At a contentious, six-hour public hearing last fall, the California Air Resources Board considered whether to adopt the Tropical Forest Standard, which would open the door for California and other governments to link with Acre or similar programs.

Officials from Brazil testified in support of the standard while global human rights groups urged the opposite. Indigenous and environmental activists spoke for both sides, and two competing letters, each signed by more than 100 scientists and researchers, argued for and against the proposal.

Supporters summed up what I’d heard, that it will help solve an urgent deforestation problem with global implications. Critics questioned the science. The uncertainties of carbon accounting, which get magnified by large-scale programs, are so nebulous, scientists don’t even know how much they don’t know.

Stanley Young, a spokesman for the board, told me California’s standard has built-in safeguards to avoid repeating mistakes. “We’re as aware as you are of how it has not worked in the past,” he said.

The standard requires programs to exceed protections in existing policies and to show a drastic reduction in deforestation. It requires that trees stay standing for 100 years. But its guidance on leakage is just four sentences long, and it doesn’t make countries report degradation, potentially leaving out a huge chunk of the emissions.

Jason Gray, chief of the board’s cap-and-trade program, said degradation is hard to measure, but the standard will incentivize better monitoring so countries can add the data later. “If we wait to have the perfect information,” he said, it might be too late.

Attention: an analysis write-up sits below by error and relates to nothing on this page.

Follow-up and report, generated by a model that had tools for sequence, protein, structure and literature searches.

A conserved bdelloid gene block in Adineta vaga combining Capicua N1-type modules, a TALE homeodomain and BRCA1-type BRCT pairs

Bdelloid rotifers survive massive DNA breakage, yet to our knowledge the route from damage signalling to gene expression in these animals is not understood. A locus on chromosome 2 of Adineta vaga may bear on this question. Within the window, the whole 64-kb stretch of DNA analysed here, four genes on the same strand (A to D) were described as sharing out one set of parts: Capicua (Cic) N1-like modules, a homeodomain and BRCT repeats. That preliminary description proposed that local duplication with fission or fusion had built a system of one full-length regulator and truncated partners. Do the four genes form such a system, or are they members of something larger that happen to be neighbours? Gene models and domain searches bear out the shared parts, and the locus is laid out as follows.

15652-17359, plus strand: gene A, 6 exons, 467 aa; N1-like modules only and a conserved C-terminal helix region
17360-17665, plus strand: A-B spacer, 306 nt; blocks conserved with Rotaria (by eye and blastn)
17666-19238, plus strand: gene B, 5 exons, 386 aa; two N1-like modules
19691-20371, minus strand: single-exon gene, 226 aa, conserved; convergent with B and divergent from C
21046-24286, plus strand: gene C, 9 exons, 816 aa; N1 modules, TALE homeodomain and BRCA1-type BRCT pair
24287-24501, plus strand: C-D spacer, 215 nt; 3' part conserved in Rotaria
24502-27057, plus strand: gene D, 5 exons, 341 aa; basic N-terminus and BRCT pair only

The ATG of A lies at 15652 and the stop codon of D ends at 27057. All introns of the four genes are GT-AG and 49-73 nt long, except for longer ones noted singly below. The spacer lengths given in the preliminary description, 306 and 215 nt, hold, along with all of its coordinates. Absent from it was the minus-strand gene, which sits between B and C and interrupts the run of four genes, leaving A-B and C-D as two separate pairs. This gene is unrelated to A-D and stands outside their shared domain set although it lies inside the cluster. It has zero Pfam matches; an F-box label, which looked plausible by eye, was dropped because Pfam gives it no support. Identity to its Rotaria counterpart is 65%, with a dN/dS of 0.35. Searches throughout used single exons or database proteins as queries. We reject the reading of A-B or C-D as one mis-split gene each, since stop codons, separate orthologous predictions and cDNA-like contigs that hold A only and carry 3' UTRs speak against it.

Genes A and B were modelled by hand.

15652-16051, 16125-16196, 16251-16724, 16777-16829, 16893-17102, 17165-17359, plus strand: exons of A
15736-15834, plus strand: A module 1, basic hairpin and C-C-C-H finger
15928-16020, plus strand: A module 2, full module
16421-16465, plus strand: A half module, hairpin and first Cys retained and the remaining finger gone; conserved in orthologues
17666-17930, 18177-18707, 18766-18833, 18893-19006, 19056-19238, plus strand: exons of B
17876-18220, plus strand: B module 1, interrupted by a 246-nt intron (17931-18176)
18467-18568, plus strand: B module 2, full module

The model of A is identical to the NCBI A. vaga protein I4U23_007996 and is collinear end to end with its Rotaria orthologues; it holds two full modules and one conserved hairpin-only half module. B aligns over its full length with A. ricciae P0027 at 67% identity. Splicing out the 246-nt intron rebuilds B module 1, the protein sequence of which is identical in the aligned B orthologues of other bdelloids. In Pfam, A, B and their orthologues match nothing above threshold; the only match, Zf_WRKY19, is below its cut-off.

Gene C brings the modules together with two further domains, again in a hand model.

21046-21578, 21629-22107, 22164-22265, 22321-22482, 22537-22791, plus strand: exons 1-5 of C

In April, six members of the European Parliament urged California to reject the Tropical Forest Standard, citing concerns about Brazil’s shifting politics and noting that the European Union hasn’t allowed forestry credits in its cap-and-trade program “due to concerns about their environmental integrity.”

The standard is under review by a climate change committee within the California Legislature, which may give recommendations during this spring’s session. The Air Resources Board will decide whether to approve the standard this year. Any potential purchase of tropical offsets would require additional board action.

Barbara Haya, a University of California, Berkeley, research fellow who studies the carbon market, said we’re deluding ourselves if we think these forestry programs will be able to accurately quantify — and therefore, cancel out — the amount of pollution claimed in an offset, even under the new standard.

The best we can hope for is a program that helps the climate in some unmeasurable way, she said. “That’s what offsets are. And I think that’s the best of what offsets can be.”


https://features.propublica.org/brazil-carbon-offsets/inconvenient-tru
th-carbon-credits-dont-work-deforestation-redd-acre-cambodia/?utm_source=pocket-newtab






-----------
Pity would be no more,
If we did not MAKE men poor - William Blake

"The messy American environment, where most people don't agree, is perfect for people like me. I CAN DO AS I PLEASE." - SECOND

America is an oligarchy http://www.fireflyfans.net/mthread.aspx?tid=57876 .

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Friday, May 24, 2019 8:40 AM

SECOND